I was reading Crisis magazine on line and they mentioned Jack Chick comics. I did a search to find out who that was and on his web site he linked to a book called “Trail of Blood” which states that the Baptists were persecuted by Catholics from the time of Christ and that they have been in existence long before the reformation. As a lifelong Catholic, I had never heard this before and was wondering if you had thoughts or facts to share.
No serious scholar accepts this book and chart as an accurate depiction of history. Even the vast majority of Baptist historians know these arguments are ridiculous. The author claims that the names on the chart were ”nicknames given to Baptists during the passing years and ages –Novations, Montanists, Paulicians, and Waldenses.” Such a claim is impossible to take seriously (see below for links to book and chart)
The theology of such groups was extremely different from Baptists’. For example, the Montanists were a false prophecy movement that emphasized speaking in tongues and new revelation. They also believed in baptismal regeneration and some taught that adultery is the unforgivable sin. The Donatists were essentially a Catholic schism confined to North Africa; they had all of the Catholic sacraments and venerated the martyrs and relics. The Paulicians and the Albigensians both held that there are actually two Gods, a good God who made our souls, and a bad God who made the material world.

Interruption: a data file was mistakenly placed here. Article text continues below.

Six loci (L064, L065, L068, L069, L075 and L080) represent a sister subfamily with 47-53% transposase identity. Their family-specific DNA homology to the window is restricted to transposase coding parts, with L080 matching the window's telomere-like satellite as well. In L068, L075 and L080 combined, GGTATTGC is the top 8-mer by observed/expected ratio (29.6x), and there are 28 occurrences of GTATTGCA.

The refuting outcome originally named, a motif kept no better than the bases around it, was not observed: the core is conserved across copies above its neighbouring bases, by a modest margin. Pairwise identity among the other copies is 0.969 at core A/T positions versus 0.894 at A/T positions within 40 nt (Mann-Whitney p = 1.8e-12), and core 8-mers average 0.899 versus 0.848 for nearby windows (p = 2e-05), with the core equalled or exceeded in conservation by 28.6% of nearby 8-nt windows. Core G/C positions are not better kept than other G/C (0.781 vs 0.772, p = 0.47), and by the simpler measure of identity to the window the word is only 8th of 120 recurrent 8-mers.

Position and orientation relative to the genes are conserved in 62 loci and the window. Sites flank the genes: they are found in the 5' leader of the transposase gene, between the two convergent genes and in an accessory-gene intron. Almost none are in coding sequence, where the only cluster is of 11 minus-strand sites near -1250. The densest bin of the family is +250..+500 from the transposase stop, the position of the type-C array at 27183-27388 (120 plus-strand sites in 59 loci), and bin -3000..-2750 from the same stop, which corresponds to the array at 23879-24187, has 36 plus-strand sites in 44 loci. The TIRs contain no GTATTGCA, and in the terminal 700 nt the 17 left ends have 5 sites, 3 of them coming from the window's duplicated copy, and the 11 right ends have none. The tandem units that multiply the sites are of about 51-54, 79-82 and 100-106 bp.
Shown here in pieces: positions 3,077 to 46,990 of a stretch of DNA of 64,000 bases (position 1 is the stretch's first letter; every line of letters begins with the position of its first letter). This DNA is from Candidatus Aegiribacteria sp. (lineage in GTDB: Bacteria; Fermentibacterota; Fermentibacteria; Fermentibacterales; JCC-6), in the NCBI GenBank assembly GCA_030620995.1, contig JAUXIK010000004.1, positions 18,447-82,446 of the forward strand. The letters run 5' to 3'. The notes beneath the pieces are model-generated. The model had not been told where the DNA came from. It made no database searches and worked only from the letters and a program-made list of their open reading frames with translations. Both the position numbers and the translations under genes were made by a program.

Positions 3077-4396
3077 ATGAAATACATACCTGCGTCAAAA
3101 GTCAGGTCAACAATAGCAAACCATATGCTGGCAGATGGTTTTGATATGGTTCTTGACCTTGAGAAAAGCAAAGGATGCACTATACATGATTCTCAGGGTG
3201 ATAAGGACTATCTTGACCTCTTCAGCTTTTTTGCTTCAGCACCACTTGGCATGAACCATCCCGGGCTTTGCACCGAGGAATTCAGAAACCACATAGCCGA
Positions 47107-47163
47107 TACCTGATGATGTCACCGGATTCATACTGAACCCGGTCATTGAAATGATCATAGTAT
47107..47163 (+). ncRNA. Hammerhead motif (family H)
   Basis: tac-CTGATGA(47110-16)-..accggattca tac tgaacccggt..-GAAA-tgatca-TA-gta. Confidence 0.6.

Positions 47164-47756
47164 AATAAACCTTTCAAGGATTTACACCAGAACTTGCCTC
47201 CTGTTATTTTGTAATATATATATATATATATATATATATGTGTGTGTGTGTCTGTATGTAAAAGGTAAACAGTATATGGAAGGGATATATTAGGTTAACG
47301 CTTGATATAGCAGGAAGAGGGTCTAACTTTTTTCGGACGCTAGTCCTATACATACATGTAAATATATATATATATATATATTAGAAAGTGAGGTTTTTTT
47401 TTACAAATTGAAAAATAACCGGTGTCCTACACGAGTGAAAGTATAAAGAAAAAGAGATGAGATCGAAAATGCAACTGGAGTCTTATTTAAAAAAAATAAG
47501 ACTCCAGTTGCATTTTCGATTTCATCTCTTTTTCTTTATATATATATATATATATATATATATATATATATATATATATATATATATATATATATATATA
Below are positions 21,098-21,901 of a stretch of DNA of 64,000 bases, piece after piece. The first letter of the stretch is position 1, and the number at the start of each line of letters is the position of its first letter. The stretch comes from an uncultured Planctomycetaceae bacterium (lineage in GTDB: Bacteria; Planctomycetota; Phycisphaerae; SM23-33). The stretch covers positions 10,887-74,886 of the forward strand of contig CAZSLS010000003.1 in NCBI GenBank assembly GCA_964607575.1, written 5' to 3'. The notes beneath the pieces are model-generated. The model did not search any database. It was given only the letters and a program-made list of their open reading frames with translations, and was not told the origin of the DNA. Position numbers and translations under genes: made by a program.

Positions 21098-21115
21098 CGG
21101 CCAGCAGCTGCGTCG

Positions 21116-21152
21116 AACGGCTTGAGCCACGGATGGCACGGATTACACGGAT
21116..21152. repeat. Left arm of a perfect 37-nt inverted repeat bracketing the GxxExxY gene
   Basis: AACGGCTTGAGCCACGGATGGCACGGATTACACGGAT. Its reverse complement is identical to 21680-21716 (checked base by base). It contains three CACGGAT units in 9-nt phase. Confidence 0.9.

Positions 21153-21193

One thing the chart does have right is that Baptists did not split off from the Catholic Church. In fact, they split off of the Anglican church. The first Baptist congregation was founded in Holland by a man named John Smyth, who was an expatriate Englishman, like the members of his congregation. These people had thus come out of the Church of England or the Anglican church.
For additional groups see:
Steve Ray’s excellent rebuttal to The Trail of Blood is at
Another article to read on this subject is Dave Armstrong’s Were the Albigensians Primitive Protestants?
Dr. J.M. Carroll’s book (including chart) is at the following sites: